Computers and education COMMENTARY V. Ramanarayanan

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COMMENTARY
Computers and education
V. Ramanarayanan
There is a general feeling among the
educators and the educated that they will
be left behind in the absence of computers. The denied reality is that, they cannot
run ahead in the presence of computers.
Computers certainly enable several activities; however its role in education and
learning has to be carefully understood.
The good vicar of Oliver Goldsmith’s
the Vicar of Wakefield said ‘I chose my
wife, as she did her wedding gown, not
for fine glossy surface, but such qualities
as would wear well’. How very true these
words are for education as well. Computers, white boards, projectors, power
points, canned software, etc. create a
glossy ambience, but do precious little to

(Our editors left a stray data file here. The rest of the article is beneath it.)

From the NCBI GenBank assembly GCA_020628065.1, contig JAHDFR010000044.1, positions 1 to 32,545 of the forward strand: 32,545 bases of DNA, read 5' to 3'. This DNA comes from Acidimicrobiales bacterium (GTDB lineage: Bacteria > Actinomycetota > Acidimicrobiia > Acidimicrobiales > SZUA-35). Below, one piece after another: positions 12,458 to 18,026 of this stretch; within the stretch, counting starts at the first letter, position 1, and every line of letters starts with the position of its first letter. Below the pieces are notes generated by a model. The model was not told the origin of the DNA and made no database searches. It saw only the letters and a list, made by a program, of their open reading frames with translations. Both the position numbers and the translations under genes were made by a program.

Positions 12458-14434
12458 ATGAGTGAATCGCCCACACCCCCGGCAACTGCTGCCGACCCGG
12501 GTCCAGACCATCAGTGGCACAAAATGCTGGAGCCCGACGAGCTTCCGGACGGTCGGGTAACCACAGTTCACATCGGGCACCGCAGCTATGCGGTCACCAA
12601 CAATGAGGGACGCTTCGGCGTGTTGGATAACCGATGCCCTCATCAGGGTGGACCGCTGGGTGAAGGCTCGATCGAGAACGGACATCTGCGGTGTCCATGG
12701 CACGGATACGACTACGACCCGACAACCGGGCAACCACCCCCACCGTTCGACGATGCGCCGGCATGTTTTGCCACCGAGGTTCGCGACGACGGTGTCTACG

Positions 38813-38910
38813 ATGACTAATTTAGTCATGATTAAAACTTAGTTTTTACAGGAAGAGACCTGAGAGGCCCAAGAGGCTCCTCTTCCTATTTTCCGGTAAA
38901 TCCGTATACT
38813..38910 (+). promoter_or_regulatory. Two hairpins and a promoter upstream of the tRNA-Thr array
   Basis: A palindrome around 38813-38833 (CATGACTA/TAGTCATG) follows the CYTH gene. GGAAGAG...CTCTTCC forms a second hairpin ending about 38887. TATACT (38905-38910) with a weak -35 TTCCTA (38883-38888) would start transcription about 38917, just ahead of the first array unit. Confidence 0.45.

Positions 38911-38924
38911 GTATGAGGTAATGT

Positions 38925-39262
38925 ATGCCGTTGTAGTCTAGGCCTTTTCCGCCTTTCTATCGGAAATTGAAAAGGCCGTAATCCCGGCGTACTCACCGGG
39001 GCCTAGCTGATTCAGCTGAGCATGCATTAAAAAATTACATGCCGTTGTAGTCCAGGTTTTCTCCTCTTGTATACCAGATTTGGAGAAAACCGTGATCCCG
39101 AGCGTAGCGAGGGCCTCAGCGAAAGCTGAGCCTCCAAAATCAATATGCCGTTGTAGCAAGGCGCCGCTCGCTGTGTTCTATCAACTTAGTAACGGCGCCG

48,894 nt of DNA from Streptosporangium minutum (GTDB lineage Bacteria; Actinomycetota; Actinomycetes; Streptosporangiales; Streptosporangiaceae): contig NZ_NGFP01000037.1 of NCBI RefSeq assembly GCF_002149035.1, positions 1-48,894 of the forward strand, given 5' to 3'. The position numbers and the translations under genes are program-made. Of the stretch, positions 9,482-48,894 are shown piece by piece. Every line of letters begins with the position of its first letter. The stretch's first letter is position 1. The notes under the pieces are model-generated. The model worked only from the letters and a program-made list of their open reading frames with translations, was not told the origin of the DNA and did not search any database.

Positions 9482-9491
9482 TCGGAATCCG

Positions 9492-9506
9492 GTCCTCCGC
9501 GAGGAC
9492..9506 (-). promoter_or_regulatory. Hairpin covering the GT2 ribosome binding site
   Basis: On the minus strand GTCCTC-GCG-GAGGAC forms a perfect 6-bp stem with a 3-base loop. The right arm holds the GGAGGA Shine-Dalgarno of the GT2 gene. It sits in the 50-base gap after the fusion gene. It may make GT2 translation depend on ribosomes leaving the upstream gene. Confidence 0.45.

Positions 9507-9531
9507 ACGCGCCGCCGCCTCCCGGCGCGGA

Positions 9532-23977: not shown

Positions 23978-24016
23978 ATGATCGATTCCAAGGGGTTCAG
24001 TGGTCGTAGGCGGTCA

the real transfer of knowledge or learning. Across the country, in thousands of
educational institutions, glossy multimedia classrooms are being added with
computer furniture, white boards, computers, projectors, plasma screens, etc.
This is certainly huge business for the
infotainment industry; whether this will
promote habits that will wear well is
anybody’s guess.
Inquiry is the key to the house of
learning. Great masters are known more
for their spirit of inquiry than for their
explanatory discourses; see Rudyard
Kipling’s poem from Just-so Stories for
Little Children.
‘I have six honest serving men; they
taught me all I knew.
Their names are What, Where and
When; and How, Why and Who.’
Education covers the full spectrum of
‘what’ (numerals, languages, information,
organization of information), ‘where and
when’ (geography and history), ‘how and
why’ (technology, engineering, science),
and ‘who’ (humanities). The first two
sets of questions belong to the domain of